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Home \ INFEQUUS \ Equine piroplasmosis



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Differential diagnosis of infectious diseases of equidae

Equine piroplasmosis disease information
Disease
Equine piroplasmosis

Synonyms
Equine malaria Equine babesiosis Equine theileriosis Equine biliary fever

Vector
Hyalomma spp. Dermacentor spp. Rhipicephalus spp.

Agents
Theileria equi
 Acronym: T. equi
 Type: Parasite
 Family: Theileriidae
 Gender: Theileria
Babesia caballi
 Acronym: B. caballi
 Type: Parasite
 Family: Babesiidae
 Gender: Babesia

Clinical signs
Fever Death Anaemia Jaundice Weakness Anorexia Lethargy Tachypnea Tachycardia Weight loss Petechiation Splenomegaly Bilirubinuria Liver disease Renal failure Hemoglobinuria Thrombocytopenia Peripheral oedema Disseminated intravascular coagulation

Equine piroplasmosis
Figure 1: Theileria equi blood smear. SEVISEQ


Equine piroplasmosis
Figure 2: Babesia caballi blood smear. SEVISEQ


Equine piroplasmosis

Etiology

Equine piroplasmosis (EP) is an infectious disease caused by the intraerythrocytic protozoan parasites B. caballi and T.equi. Previously, T. equi was known as Babesia equi. These parasites are transmitted by ixodid ticks of the genera Dermacentor, Hyalomma and Rhipicephalus; although iatrogenic transmission can also occur. In the case of T. equi, a placentary transmission has been described. Horses that survive can become inapparent carriers for a long time (4 years for B. caballi or lifelong for T. equi) and they can act such a source of infection for the ticks, which will parasite more horses. This disease is important since it is the main restriction on the export of horses to other countries.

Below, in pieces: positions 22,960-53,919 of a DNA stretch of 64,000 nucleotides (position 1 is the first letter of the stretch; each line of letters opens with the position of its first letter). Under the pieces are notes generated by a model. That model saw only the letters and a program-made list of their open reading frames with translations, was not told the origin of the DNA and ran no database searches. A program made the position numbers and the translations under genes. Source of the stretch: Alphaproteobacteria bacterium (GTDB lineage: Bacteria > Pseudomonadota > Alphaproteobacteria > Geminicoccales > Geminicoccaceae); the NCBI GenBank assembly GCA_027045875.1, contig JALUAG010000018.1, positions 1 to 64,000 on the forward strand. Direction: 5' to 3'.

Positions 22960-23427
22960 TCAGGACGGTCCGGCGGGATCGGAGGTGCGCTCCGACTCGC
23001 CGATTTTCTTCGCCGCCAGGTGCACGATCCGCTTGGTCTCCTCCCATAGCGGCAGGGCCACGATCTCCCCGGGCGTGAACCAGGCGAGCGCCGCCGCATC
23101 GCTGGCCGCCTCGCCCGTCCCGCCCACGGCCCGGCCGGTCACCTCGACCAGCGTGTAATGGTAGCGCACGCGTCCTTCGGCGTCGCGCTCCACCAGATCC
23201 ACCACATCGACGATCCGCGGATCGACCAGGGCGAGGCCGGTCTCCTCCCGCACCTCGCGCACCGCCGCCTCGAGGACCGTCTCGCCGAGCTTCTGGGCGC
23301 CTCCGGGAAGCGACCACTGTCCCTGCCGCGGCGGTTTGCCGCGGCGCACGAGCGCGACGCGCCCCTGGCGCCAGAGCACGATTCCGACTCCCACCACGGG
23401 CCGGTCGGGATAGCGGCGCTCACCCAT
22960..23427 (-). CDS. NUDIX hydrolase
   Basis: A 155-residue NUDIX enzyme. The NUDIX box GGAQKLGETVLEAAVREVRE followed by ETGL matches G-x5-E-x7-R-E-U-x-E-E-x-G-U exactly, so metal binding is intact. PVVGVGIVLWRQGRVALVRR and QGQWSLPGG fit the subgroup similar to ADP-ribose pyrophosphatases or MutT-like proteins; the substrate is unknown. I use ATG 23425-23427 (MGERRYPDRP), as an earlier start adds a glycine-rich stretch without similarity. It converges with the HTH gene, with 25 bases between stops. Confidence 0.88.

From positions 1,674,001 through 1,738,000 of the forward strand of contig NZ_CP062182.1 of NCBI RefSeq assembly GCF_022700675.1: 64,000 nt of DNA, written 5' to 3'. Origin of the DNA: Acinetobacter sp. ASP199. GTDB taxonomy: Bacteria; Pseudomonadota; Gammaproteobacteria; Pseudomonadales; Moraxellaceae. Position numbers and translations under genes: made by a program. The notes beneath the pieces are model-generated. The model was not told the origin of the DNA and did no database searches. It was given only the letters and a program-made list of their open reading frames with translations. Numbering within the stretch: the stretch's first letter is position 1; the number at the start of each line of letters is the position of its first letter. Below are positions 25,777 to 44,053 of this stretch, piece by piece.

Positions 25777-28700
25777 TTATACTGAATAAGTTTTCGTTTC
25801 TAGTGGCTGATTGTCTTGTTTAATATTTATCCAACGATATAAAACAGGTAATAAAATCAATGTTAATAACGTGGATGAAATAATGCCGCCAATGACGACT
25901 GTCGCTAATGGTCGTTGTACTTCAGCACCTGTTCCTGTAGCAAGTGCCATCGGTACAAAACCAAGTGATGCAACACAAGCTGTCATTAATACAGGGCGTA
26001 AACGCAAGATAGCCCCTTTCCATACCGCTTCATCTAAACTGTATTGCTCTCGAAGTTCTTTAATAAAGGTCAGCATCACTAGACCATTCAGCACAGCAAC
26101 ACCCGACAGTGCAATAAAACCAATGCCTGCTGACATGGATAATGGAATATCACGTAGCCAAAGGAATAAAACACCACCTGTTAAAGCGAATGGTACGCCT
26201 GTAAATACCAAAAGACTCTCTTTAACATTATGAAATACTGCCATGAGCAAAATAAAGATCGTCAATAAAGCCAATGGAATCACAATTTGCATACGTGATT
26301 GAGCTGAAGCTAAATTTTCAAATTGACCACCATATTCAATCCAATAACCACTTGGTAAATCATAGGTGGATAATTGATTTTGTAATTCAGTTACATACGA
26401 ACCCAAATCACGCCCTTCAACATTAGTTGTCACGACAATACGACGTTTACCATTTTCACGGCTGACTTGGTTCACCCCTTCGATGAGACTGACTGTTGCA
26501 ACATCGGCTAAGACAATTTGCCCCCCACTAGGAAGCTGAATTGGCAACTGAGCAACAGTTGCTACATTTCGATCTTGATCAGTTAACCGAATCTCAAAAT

Epidemiology

EP is an endemic disease  present in tropical and subtropical regions. By contrast, Canada, Iceland, Australia and Japan are free countries currently. In the US, the infection would be limited to one or more areas.
B. caballi and T. equi present a indirect biological cycle. The cycle starts when sporozoites are transmitted through the infected tick saliva to the equid host.

  • B. caballi: sporozoites invade erythrocytes directly and they reproduce asexually first to trophozoites and then to merozoites. The merozoites continue to reproduce asexually causing the rupture and invasion of new red blood cells.
  • T equi: sporozoites invade peripheral blood mononuclear cells (PBMCs), they reproduce asexually first to schizonts and then to merozoites and they cause the rupture of these cells. The merozoites invade the erythrocytes, which continue to reproduce asexually and invade new red blood cells.
In both cases, the merozoites will be ingested by a tick, in whose midgut they will reproduce sexually until the zygote phase. The zygote will reach the salivary gland of the tick and the sporozoites will form.


Pathogeny